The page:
Myth and the Theatre

Print Friendly, PDF & Email

The function of myth is to transcend its own functional core, by magnifying it, elaborating upon it, refining it and then enriching itself at each telling and retelling. Through sheer repetition, as it traverses generations, it frees itself from time frames and spatial considerations. Yet, paradoxically enough, it is in the theatre, bound by the three unities of time, space, and action, that the myth finds its daily validation. Myths have a special place in theatre. In a manner, the theatre may be described as the fount of myth, for the obvious artifice of theatre reinforces the universal quality of the truth that the myth envelops within itself.

The performer’s function is to bring the myth alive each evening and destroy it at the end of the performance. When the light of authenticity shines through, the performer, who feels imbued with the power of myth that has briefly been given to him to incarnate, succeeds in creating three distinct and autonomous entities on stage – the actor-person, the character-myth, and the mask-transitional device which can alternately embody either of the first two even as it bridges the gap between them. Only a bad actor will claim that he fuses his self with that of the role he plays; that is the prerogative of the exorcist, the Shaman and the witchdoctor. The daily quest in theatre is for that very authenticity which will enable the audience alternately to judge and participate, to be party as it were to the mysterious process by which the actor multiplies himself.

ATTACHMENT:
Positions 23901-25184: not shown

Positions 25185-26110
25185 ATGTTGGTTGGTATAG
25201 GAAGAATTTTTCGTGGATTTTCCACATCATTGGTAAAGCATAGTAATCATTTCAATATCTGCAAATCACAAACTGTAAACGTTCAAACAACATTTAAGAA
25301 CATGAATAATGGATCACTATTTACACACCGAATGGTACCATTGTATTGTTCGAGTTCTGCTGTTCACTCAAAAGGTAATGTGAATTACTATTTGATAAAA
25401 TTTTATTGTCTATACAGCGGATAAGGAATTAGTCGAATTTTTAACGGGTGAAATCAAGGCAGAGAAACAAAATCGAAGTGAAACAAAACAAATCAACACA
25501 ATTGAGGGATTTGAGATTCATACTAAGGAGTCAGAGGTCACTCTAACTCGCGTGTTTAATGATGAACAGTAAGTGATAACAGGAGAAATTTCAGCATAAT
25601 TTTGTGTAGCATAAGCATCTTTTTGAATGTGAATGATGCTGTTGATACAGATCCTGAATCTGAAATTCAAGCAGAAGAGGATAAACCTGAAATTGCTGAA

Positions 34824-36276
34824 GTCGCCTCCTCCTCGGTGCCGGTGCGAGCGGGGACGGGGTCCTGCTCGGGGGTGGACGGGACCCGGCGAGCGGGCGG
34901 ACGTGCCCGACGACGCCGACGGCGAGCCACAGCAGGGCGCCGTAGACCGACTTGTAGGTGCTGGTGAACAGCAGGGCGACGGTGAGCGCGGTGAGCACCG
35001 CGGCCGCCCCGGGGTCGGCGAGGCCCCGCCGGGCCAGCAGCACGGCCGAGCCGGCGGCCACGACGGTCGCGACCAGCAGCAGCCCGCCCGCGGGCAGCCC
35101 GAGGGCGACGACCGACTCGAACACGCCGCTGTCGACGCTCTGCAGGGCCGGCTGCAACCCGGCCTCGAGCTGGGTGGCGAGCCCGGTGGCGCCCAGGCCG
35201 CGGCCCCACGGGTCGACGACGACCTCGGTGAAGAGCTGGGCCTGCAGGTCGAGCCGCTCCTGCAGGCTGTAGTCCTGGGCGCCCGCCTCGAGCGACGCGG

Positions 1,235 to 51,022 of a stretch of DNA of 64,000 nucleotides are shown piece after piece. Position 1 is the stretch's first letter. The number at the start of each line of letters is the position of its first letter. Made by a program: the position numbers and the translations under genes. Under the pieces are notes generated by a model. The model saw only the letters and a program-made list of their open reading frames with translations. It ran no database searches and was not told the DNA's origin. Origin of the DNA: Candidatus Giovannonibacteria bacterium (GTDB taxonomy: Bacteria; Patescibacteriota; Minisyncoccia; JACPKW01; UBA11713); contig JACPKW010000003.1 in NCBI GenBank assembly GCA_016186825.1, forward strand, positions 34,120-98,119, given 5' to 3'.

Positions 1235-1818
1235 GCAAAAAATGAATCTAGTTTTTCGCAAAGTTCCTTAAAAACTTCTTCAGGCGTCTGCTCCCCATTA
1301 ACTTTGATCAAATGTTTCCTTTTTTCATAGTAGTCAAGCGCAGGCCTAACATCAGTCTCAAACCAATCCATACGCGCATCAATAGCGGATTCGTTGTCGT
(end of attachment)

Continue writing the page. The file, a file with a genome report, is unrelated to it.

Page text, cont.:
The process itself is a curious mixture of playful irreverence and rigorously executed ritual, the profane and the sacred. The stage is a Garbha-g®ha which confers upon the performer the status of a permanent outsider: he crystallizes a society’s memory and knowledge of itself even as he serves to subvert it.